Lecture Notes & Student Works:

History and Built Environment I

Lecture Notes –Ancient Greece-

The political, economic, social and religious functions of the city are reflected in its public buildings and their location within the urban environment.
  1. Agora and forum as political, commercial and intellectual center of the city
  2.  Economic activity
  3. Religious centers: temples, shrines, role of acropolis
  4. Arrangement of Cities


            The orderly arrangements of the elements which made up the ancient city was the task of the town planner. The origin of Greek orthogonal planning tradition was based on the established civilizations of the Near East (e.g. Kahun and El- Amarna in ancient Egypt) and Indus Valley. However in 5th century B.C. that history incorrectly recorded Hippodomus of Miletus as the first man who invented the art of town planning. In any case Hippodamus dominated the history of Classical town planning in antiquity.

            We learn much about Hippodomus from Aristotle’s writings on him. Aristotle presents him as an eccentric man and a social and political theorist who speculated about the nature of the ideal city. Aristotle also states that he invented the division of cities and planned Piraeus – port of Athens-, Rhodes and Thourioi. These three cities display certain common characteristics. They include the division of the land into large areas and the separation of these areas by wide arterial roads. Within each area there was a gridded system of streets.

            Hippodamus’ design differs from the regularly planned colonies of the West in four ways:

1.  Firstly he aimed the total integration of the different parts of the city. According to Aristotle, Hippodamian ideas on both the nature of the ideal city-state and its layout were based on the division the population and its territory.

He divided his ideal town into three classes:            à Craftsmen& tradesmen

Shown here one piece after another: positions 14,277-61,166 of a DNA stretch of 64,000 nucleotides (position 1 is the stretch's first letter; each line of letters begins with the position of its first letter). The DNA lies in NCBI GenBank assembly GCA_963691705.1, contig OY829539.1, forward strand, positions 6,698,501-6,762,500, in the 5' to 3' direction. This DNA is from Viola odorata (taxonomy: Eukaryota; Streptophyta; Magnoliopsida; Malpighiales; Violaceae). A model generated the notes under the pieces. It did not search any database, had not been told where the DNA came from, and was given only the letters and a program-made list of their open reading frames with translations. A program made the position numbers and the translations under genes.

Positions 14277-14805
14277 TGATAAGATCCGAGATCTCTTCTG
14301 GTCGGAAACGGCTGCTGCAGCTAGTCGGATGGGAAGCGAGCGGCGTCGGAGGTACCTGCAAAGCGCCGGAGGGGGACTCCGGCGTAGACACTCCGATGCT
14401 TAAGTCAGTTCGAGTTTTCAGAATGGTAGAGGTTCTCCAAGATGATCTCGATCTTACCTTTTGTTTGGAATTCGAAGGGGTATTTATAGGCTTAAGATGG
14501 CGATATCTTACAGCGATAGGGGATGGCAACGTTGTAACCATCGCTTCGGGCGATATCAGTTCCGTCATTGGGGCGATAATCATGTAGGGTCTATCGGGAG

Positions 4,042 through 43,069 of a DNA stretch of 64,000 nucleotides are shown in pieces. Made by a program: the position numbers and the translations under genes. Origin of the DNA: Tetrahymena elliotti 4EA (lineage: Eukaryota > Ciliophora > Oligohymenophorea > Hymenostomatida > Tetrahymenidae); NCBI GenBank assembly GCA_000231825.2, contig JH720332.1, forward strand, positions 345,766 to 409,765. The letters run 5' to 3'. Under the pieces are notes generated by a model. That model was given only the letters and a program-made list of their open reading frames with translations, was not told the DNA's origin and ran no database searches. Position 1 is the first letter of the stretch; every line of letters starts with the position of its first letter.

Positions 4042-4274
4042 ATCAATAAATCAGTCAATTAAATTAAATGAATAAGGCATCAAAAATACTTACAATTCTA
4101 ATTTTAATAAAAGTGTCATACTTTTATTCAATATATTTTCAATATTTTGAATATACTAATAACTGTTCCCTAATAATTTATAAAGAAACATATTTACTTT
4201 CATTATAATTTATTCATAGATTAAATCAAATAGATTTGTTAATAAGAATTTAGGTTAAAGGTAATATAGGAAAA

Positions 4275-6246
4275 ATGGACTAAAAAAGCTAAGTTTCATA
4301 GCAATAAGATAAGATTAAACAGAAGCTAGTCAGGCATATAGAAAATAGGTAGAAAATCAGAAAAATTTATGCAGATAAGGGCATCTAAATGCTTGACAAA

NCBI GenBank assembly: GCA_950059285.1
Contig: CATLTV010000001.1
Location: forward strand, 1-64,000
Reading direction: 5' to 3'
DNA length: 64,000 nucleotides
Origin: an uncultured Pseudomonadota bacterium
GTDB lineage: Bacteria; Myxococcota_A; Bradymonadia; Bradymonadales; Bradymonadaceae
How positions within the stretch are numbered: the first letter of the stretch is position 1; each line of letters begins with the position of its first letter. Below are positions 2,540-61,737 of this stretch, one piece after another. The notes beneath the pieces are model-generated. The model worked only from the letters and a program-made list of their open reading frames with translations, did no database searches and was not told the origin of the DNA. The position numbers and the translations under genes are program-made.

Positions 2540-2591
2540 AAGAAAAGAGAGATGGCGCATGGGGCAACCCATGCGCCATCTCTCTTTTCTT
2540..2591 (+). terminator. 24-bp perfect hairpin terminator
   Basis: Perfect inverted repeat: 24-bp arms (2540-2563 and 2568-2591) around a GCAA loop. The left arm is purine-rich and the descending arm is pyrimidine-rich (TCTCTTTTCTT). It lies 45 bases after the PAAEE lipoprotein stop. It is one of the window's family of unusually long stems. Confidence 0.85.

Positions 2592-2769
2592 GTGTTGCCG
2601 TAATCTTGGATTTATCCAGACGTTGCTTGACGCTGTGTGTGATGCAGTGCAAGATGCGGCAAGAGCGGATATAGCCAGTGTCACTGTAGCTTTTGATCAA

à Farmers

à Soldiers


He separated urban land into three types:            à Holy (reserved for gods)

à Common (for state to feed the soldiers)

à Private (for farmers)

2. Secondly, Hippodamus is described as a meteorologos (mimar) and the design at Rhodes seems to have been based on theoretical and mathematical principles. It goes far beyond the simple arrangements of land subdivision.

3. Thirdly, public buildings were grouped in a clear functional relationship to each other and clearly defined and fully integrated into the street system.

4. Fourthly, the layout of Rhodes in particular has a planned monumentality. Its design had strong visual effect by the extensive use of terracing and landscaping. (Owens, 1992, pp. 60-61)

            In addition to these Hippodamus planned his ideal city for 10.000 inhabitants. He also saw gridiron plan as the bearer of democracy.


            Concerned with the nature of the ideal city, philosophers speculated about the form that such a city should take. Often sociological factors combined with their planning concepts. The most influential of these thinkers in the Classical period of Greek Philosophy (420-320 B.C.) were Plato, Aristotle and Socrates. [1]                              


  • Plato advised that temples should be located around the agora and in a circle around the city to act as a protective ring in order to maintain the purity of the city and its center. The houses of public officials and law courts, because they too sacred, were also to be located in association with the temples.
  • On the question of defense Plato argues against the construction of city walls both for reasons of health and on moral grounds, in that the citizens might place too much trust in them. If however, the citizens want urban defenses, he recommends that the city should be so arranged that it presents a unified appearance. He advices that the houses themselves should be so built that they act as the city wall. They should be regularly constructed and they should all face the street.